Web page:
M. Night Shyamalan’s ‘Old’ is a nightmarish meditation on death and aging

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If the subconscious draw of the horror genre is that it forces us to face our mortality, perhaps few films have taken that concept to more literal effect than Old. M. Night Shyamalan’s latest thriller, about a beach that mysteriously makes its inhabitants age in rapid fashion, goes from campy and comical to terrifying and stressful in the blink of an eye. But there’s an additional mood at play here, one that elevates the content in unexpected ways: melancholic longing. Time runs out for all of us, a message that Shyamalan sends loud and clear in one of his most sentimental films.

The Capa family arrives at the sprawling Anamika Resort ready for the perfect family vacation. Guy (Gael Garcia Bernal) and Prisca (Vicky Krieps) are having some marital troubles, but they decide to put their issues on the back-burner for the sake of their children, six-year-old Trent and eleven-year-old Maddox. When the resort’s owner offers their family, along with two other groups, access to an ultra-secluded beach, they jump at the chance for a day of fun in the sun.

But this idyllic upscale vacation quickly turns into a thing of nightmares. A dead body washes ashore; they find themselves blacking out any time they try to step off the parameter of the beach. And when Guy and Prisca’s young children appear beside them sporting the bodies of teenagers, it’s clear something is very, very wrong.

The fact that our bodies will start to deteriorate is a certainty, and it’s that very notion that makes the concept behind Old all the more distressing. It’s the perfect opportunity for body horror galore, and Shyamalan milks that imagery for all it’s worth — think hideously broken bones and emergency tumor removal. Yeah, it isn’t pretty. But for a film about the most repulsive ways our bodies can fail us, it’s surprisingly beautiful to look at. Mike Gioulakis’ fluid camerawork is exhilarating, playing with unexpected angles to mess with our perception of what – and who – we see.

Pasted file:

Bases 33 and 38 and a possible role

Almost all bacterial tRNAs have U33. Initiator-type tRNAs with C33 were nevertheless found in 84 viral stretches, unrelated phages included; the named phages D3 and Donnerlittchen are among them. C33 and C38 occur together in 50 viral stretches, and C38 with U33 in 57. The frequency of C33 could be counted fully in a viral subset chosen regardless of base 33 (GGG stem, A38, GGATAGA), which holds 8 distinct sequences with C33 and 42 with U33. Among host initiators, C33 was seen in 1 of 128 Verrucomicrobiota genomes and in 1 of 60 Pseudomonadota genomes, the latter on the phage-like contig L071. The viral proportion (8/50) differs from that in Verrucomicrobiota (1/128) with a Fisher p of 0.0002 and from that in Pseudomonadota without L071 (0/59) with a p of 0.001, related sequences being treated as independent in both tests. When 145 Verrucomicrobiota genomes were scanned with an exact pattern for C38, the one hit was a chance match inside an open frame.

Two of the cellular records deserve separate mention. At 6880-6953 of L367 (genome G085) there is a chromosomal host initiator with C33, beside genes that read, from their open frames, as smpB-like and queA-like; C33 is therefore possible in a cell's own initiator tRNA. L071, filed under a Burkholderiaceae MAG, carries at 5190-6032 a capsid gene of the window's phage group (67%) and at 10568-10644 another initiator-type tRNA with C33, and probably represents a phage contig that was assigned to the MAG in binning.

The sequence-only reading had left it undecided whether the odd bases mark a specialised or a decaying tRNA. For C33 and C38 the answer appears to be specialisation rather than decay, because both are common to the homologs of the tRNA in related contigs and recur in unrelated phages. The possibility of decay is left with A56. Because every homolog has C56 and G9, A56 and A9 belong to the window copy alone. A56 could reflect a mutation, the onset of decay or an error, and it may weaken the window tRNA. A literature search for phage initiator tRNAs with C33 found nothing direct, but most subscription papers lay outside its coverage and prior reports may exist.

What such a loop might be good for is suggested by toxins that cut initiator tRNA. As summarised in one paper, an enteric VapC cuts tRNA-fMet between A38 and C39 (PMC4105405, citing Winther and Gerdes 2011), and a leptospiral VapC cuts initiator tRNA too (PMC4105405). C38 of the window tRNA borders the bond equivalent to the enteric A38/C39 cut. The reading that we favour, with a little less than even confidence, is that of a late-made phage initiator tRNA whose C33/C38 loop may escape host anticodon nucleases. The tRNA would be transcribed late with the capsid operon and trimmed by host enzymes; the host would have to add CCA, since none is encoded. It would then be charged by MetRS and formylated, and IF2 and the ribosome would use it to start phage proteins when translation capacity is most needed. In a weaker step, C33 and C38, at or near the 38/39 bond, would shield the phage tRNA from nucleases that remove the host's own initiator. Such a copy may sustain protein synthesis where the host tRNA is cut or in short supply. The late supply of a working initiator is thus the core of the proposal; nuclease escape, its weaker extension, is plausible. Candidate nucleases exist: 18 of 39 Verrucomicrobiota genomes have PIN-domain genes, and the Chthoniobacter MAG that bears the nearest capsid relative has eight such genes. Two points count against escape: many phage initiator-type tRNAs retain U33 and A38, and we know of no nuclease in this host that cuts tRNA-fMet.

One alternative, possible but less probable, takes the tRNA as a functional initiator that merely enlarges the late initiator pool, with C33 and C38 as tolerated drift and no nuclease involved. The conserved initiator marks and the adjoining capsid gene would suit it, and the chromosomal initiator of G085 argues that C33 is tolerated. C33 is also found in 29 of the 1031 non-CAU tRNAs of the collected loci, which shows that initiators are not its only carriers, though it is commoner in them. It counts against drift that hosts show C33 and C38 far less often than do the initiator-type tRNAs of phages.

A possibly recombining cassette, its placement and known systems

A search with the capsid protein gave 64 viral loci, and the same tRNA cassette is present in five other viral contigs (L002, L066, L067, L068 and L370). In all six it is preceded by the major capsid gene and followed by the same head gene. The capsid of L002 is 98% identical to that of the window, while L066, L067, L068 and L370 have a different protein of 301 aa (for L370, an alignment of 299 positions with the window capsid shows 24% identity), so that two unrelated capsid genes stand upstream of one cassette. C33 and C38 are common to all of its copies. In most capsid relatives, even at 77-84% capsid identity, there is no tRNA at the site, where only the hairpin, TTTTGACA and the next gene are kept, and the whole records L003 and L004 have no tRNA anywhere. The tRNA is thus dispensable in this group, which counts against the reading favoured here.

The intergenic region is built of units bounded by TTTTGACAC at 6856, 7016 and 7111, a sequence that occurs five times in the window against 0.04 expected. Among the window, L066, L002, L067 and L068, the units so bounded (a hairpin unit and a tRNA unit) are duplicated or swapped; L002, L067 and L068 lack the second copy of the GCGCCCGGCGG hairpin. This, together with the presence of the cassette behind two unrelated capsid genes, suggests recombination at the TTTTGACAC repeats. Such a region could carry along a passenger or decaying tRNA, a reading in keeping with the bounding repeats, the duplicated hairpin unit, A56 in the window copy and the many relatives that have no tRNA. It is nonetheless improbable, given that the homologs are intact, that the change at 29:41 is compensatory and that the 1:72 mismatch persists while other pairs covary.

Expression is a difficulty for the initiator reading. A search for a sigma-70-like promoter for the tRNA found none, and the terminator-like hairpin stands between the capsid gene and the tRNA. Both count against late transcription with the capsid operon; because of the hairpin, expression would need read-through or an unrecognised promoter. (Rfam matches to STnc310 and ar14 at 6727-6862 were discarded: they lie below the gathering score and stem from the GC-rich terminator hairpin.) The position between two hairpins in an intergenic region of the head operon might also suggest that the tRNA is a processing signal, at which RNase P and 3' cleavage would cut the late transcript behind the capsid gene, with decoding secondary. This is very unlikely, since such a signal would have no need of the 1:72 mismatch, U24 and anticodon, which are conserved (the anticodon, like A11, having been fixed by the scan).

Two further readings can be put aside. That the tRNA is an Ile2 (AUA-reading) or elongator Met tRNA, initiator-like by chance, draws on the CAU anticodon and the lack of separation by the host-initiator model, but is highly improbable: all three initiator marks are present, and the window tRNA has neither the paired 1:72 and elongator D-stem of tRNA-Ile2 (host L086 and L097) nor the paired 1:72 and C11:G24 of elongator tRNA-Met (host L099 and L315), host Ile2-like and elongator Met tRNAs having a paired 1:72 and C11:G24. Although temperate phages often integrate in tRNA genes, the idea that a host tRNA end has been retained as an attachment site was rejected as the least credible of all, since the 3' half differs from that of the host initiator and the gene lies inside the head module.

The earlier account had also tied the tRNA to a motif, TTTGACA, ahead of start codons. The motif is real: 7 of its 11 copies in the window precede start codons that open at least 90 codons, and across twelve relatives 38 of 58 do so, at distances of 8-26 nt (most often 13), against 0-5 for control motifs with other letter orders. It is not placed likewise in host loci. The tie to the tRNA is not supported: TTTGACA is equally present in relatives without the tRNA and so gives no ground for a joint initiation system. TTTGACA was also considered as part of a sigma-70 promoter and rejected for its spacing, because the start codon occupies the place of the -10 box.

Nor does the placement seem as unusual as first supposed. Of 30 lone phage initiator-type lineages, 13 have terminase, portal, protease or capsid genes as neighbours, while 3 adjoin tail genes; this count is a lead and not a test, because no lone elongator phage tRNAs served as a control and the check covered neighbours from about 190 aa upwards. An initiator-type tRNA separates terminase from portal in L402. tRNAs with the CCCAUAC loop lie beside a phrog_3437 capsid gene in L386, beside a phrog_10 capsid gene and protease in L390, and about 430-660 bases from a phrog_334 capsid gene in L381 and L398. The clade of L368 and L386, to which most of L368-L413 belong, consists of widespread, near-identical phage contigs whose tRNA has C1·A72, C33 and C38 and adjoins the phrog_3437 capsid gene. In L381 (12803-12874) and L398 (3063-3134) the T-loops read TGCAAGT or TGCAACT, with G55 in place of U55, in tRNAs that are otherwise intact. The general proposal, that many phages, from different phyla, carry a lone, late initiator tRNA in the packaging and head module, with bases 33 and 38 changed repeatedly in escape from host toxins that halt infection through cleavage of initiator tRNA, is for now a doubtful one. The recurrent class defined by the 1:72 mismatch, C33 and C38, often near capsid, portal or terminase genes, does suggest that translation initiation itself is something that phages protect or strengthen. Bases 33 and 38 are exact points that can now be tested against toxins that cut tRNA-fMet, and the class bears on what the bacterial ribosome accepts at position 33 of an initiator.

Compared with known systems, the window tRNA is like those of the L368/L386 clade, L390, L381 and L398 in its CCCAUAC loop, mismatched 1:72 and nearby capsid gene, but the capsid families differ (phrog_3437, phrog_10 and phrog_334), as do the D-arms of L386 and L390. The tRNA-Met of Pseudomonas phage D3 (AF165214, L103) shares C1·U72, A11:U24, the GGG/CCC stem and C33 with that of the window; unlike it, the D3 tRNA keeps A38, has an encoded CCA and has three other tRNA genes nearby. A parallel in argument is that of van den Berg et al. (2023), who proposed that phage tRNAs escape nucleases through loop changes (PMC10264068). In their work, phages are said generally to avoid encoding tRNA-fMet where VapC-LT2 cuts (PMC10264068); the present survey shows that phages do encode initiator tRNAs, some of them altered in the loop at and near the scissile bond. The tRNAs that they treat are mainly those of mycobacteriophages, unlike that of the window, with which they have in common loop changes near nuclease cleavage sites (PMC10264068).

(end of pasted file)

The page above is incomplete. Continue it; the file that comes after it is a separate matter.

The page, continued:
Shyamalan is a divisive filmmaker, and there’s no doubt that some moviegoers will have mixed feelings about his latest offering. There’s some stilted dialogue and unnecessary exposition that give the picture a slightly clunky edge. But with Old, Shyamalan isn’t concerned with catering to the audience’s expectations, and that might be a good thing. The world has come to associate his films with “twists”, with big surprise endings that blow our minds à la The Sixth Sense. The biggest surprise about Old is that there are no surprises. Aging is a villain none of us can escape.

Old is now playing at Miami Dade College’s Tower Theater Miami. For tickets, click here.


Lauren Cohen

Lauren Cohen is Miami Film Festival's Co-Director of Programming. She also runs the Festival’s membership level for young professionals, CineClub. Learn more about Lauren on Programmers.